Hong Kong elections: pan-democratic camp pledges to focus on residents’ needs, while keeping up pressure on government after district council wins

Alvin Lum

A day after sweeping 17 out of 18 district councils in Sunday’s elections, Hong Kong’s pan-democrats on Monday vowed to keep both politics and residents’ needs high on their agenda.

The Democratic Party and Civic Party, the two groups with the most district council seats, pledged on Monday to also use the largely advisory bodies as a platform to pressure the government on political and policy matters.

“In the past, all the 18 district councils always took the stance of supporting the government, often ignoring people’s opinions,” Democratic Party leader Wu Chi-wai said. “If we pass a joint resolution in each district, it will be a huge pressure on the government.”

In what was widely regarded as a referendum on the government’s handling of more than five months of unrest, the pan-democratic bloc swept 347 of 452 seats in the elections, delivering a powerful blow to the pro-establishment camp that earlier controlled all the 18 district councils.

The Democratic Party won the largest haul of 91 seats, followed by the Civic Party with 32.

Wu said that in the past, the pro-establishment camp used their majority in the council to push through whatever they backed, including passing resolutions supporting the government’s extradition bill that triggered the protests in June.

Pro-establishment councillors would simply go ahead, he said, ignoring strong opposition from the outnumbered pan-democratic councillors.

Wu hinted that the new councils might well use the same tactics to push through their agenda.

For example, some newly elected pan-democrat councillors in the Yuen Long District Council have already pledged to push for an investigation into the July 21 incident at the MTR station when a group of men dressed in white attacked passengers and protesters viciously. Wu said the previous council vetoed a motion seeking an investigation.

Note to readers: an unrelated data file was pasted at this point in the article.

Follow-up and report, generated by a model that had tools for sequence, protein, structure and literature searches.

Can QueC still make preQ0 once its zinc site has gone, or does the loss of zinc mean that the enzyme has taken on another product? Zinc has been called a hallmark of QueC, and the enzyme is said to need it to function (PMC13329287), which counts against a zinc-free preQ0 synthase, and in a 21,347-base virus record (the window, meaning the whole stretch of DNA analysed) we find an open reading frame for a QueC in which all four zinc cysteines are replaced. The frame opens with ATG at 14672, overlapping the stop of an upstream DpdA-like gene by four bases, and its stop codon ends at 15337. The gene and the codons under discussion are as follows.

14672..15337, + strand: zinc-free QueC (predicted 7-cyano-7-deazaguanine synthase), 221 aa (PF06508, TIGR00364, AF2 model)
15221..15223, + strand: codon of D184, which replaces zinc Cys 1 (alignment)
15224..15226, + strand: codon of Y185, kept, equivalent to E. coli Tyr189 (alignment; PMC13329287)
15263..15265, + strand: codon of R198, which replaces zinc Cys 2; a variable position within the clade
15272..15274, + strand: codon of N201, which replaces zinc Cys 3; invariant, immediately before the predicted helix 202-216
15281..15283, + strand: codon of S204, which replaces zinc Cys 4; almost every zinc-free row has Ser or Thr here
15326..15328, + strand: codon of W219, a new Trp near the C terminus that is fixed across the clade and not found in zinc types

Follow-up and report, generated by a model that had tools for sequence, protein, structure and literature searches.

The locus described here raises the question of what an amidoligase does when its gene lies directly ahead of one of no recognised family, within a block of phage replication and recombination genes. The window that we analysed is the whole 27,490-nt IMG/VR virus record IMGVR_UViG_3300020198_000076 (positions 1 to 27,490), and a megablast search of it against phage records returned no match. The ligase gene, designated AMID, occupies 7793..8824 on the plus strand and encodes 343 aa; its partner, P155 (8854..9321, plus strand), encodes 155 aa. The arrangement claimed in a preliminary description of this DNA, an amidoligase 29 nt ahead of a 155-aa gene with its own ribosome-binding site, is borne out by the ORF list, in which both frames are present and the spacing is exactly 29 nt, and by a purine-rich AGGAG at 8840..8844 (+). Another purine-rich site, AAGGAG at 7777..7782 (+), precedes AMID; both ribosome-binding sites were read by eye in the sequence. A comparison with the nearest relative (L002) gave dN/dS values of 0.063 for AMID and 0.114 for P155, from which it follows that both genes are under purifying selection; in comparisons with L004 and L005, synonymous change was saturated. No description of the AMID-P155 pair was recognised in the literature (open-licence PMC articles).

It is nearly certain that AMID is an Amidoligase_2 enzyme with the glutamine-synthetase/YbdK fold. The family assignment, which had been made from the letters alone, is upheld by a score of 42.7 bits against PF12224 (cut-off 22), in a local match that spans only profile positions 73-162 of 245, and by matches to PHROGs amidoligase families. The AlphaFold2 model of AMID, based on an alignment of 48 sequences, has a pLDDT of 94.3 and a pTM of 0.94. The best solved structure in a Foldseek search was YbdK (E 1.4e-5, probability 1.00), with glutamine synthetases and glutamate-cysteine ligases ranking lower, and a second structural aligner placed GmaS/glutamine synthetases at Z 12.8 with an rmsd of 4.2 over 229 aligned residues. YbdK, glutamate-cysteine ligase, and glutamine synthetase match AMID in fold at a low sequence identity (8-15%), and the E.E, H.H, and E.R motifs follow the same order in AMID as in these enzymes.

Despite their stunning triumph, Wu and his allies were not ready to celebrate, saying it was time for them to remain vigilant.

They have not forgotten how the pan-democrat camp staged a big win in the 2003 district council polls, only to be voted out of office four years later.

Civic Party leaders at a press conference on the election results at their party headquarters in Causeway Bay. Photo: May Tse

Their 2003 victory came after a massive protest against a proposed national security law. But the defeated pro-establishment camp staged a comeback at the 2007 elections, retaking control of the councils.

The pan-democrats now hope to avoid letting history repeat itself.

Civic Party chairman Alan Leong Ka-kit said: “They used four years to make a comeback in 2007, so we will have to be alert because they also have a solid base of support.”

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He said the pan-democrats must reach out to the roughly four in 10 voters who supported pro-Beijing or pro-government candidates.

“They must have a reason,” he said. “If there is more to be done, we shall do it.”